The stories told by the Kamishibai narrators were often serialized so that each time they visited a place they could keep telling a story from the point where they stopped last time, like modern day TV drama or comic book! People would be eager to hear the latest chapter in their favorite characters and it was easy for the narrators to adapt to what audiences enjoyed, instant feedback that today’s TV producers can only dream of. One of the first nationwide stories was about one of (if not the first) real superheroes, “Ogon Bat” (or Golden Bat) which was introduced in 1930, quite a few years before Superman or Batman. Ogon Bat had all the things we associate with super heroes today: he fought evil, had a super villain arch enemy, a cape, dressed in tights and had a background story to explain his amazing powers and invulnerability and he has a secret super hero base in the mountains. When he is called upon by a woman in distress, he sets forth to battle evil where it occurs.

Ogon Bat was a God of Justice from the ancient island of Atlantis who was put in suspended animation by the ancient Egyptians when Atlantis was submerged, with the goal of awakening him in the future when his powers would be most needed. His sarcophagus and sleeping body is discovered by a Japanese egyptologists, Dr Yamatone and his assistant, his daughter Marie. In the tomb they are attacked by the evil Mazo and in the struggle the tears of Marie fall on the sleeping body of Ogon Bat, waking him up to once again fight for justice.

Originally Ogon Bat looked quite scary, with a white-golden skull shaped head, a flamboyant costume with a large cape and collar carrying a spanish rapier. His image was later made a little more kid-friendly though, and the rapier was changed into a scepter. Ogon Bat could fly, was invulnerable just like Superman and had his base in Japan, as he followed his friends the Yamatone family back to Japan from Egypt. Terrific story! Ogon Bat was later to become both regular manga, trading cards and even an animated series and a movie in the 1960s. As American entertainment industry has done so many times before in everything from Westerns to Star Wars to Godzilla, I think the time is ripe to dust off this great old superhero!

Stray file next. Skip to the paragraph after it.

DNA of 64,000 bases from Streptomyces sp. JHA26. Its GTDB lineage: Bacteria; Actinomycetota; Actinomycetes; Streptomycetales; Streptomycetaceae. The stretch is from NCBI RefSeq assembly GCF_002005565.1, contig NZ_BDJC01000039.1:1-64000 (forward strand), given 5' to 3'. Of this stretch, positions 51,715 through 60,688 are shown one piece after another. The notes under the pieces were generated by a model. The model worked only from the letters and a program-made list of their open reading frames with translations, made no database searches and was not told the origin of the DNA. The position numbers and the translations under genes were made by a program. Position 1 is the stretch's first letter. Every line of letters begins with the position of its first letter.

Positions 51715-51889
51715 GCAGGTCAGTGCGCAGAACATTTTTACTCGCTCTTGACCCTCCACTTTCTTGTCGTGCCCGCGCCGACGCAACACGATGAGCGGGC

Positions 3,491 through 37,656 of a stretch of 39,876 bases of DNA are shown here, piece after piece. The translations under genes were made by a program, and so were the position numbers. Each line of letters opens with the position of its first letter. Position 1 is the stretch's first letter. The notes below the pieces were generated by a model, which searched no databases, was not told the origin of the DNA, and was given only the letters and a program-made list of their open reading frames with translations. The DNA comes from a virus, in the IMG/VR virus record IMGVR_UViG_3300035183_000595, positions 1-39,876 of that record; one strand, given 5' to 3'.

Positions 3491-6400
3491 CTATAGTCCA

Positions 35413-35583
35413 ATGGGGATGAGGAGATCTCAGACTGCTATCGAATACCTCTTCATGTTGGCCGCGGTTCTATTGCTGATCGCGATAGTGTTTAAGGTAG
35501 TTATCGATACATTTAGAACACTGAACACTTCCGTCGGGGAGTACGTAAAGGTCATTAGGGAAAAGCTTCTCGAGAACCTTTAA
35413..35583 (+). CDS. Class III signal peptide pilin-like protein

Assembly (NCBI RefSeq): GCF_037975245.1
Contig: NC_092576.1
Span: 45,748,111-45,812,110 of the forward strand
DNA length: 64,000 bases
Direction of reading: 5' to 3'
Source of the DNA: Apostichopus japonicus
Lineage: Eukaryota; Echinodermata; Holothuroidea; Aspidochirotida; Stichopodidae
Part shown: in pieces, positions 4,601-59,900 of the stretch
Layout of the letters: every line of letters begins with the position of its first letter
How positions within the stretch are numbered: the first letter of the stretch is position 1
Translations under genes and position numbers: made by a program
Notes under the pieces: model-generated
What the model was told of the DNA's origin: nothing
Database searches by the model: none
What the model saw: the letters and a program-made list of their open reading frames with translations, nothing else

But back to the Kamishibai. To this day you can sometimes see modern Kamishibai performers at festivals and in parks, mostly on the weekends, entertaining kids and adults. They often sell candy and accept donations for their storytelling. I doubt there are any people living only on Kamishibai these days, but a little money always helps to keep these old traditions alive! I have blogged about Kamishibai before, in Yokohama. In the comments to that blog post there was a link to a photo of this man who narrates comic books from his portable library to anyone willing to listen. I mention this because I ran into the very same man in Shimokitazawa last Sunday in mid-story. If you don’t know what he is doing it is most likely you will mistake him for a lunatic but he is in fact very entertaining.

I saw this Kamishibai artist, one of the most famous in Tokyo at this year’s Sanja Matsuri in Asakusa back in May. Here he is telling the story of Ogon Bat (黄金バット)!

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Kamishibai in Asakusa by Tokyobling is licensed under a Creative Commons Attribution-NonCommercial 4.0 International License.